Woman says she prefers prison over giving up her captive deer
Mount Vernon, Ohio — A former veterinary technician said she will be willing to go to jail if it would spare the lives of two young white-tailed deer and four raccoons she nursed back to health on her 12.5-acre Knox County farm.
Carol Deyo, 65, pleaded not guilty in January to misdemeanor charges filed by the DNR Division of Wildlife, which accuses Deyo of illegally taking out of the wild and possessing deer and raccoons. If convicted, Deyo could face up to 60 days in jail and a $500 fine.
“The law is clear. Wild animals are the property of the state and managed by the (Ohio Department of Natural Resources),” City Law Director Chip McConville said. “Unless you have a legal right (to possess wildlife) or appropriate permit, you are in violation of the law.”
The DOW is prepared to recommend to the Knox County court the deer and raccoons kept by Deyo should be forfeited for the purpose of the animals being euthanized.
An August trial date was postponed until Nov. 21 at Deyo’s request, because of Deyo’s health concerns – she is under doctors’ supervision for treatment of breast cancer and congestive heart failure, she said.
The DOW began its investigation in October 2012 after receiving a complaint Deyo was keeping two white-tailed deer and four raccoons, possibly as pets and without permits.
Wildlife officer Joshua Shields interviewed Deyo on Nov. 17 and Deyo told Shields she knew it was illegal to keep or take the deer and raccoons from the wild, and she also knew she could not possess such animals without permits, according to Shields’ written investigation.
Shields noted Deyo was cooperative in the investigation, and Deyo was taking good care of the animals. Deyo also keeps seven horses, two goats, a pig, duck, and several chickens on the property.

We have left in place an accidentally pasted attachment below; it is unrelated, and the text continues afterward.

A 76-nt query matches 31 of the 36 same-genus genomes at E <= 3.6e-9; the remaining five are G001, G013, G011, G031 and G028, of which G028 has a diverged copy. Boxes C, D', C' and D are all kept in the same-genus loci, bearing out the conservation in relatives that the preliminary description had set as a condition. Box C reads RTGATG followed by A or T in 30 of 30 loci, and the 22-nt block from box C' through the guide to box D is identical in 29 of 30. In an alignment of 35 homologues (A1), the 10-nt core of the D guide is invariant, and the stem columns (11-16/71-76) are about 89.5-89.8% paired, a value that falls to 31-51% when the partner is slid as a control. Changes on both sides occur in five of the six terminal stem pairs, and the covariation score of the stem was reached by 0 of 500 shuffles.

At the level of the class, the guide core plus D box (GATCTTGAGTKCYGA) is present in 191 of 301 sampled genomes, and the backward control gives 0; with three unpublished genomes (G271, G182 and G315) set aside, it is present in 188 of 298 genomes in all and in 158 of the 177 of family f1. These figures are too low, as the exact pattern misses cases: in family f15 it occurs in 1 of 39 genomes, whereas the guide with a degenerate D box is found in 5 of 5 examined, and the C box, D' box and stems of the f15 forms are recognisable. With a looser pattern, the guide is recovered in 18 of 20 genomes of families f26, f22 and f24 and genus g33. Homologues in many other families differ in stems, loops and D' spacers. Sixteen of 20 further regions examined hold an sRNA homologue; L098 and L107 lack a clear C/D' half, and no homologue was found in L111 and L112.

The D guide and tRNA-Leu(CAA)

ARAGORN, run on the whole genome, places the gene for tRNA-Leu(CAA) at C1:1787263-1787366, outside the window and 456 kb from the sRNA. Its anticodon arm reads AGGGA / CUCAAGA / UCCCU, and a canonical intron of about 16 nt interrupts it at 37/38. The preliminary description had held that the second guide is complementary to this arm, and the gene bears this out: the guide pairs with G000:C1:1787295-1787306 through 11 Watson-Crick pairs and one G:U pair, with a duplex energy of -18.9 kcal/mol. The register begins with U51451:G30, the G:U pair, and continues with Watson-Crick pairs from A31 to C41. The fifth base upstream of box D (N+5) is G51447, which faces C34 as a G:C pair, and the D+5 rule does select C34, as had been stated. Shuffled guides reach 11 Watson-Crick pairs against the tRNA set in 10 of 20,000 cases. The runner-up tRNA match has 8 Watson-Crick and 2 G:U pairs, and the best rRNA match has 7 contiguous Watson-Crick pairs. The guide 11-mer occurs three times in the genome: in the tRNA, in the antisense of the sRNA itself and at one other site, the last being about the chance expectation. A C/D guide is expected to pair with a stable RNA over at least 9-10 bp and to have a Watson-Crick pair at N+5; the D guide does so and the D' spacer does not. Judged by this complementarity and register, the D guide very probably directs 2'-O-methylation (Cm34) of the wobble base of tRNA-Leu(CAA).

One of the deer, nicknamed Trooper, was injured as a fawn in the spring of 2011 when a hay mower cut off its hind right leg. Deyo stitched, neutered, and nursed the fawn back to health. At the time of Shields’ investigation and inspection, the deer was 11⁄2 years old without antlers because of its being neutered.
The second deer, nicknamed Patch, was acquired by Deyo in July 2012 when the animal was brought to her by others who had found the deer in a Mount Vernon parking lot. Shields said in his report the second deer was brought to Deyo dehydrated and “thought to be blind at the time it was brought to her to care for.”
Deyo neutered the young antlerless buck and nurtured it back to health on her farm where both deer are kept in a barn and a fenced pen.
Her horses love the deer, she said.
“They run up and down their fence to play together,” she said.
The racoons came in two batches from road-kill incidents over several years, and Deyo spayed and neutered the animals.
“The raccoons were very large and received both feline and canine vaccinations from Carol annually,” Shields wrote in his investigative findings. “The raccoons had obstacles and dens in the (corn) crib, and it was obvious that (Deyo and her boyfriend) took good care of the animals.”
Soon after acquiring the animals, she contacted several animal rehabilitators about taking them, but was told they could not accept orphaned fawns or raccoons, she said.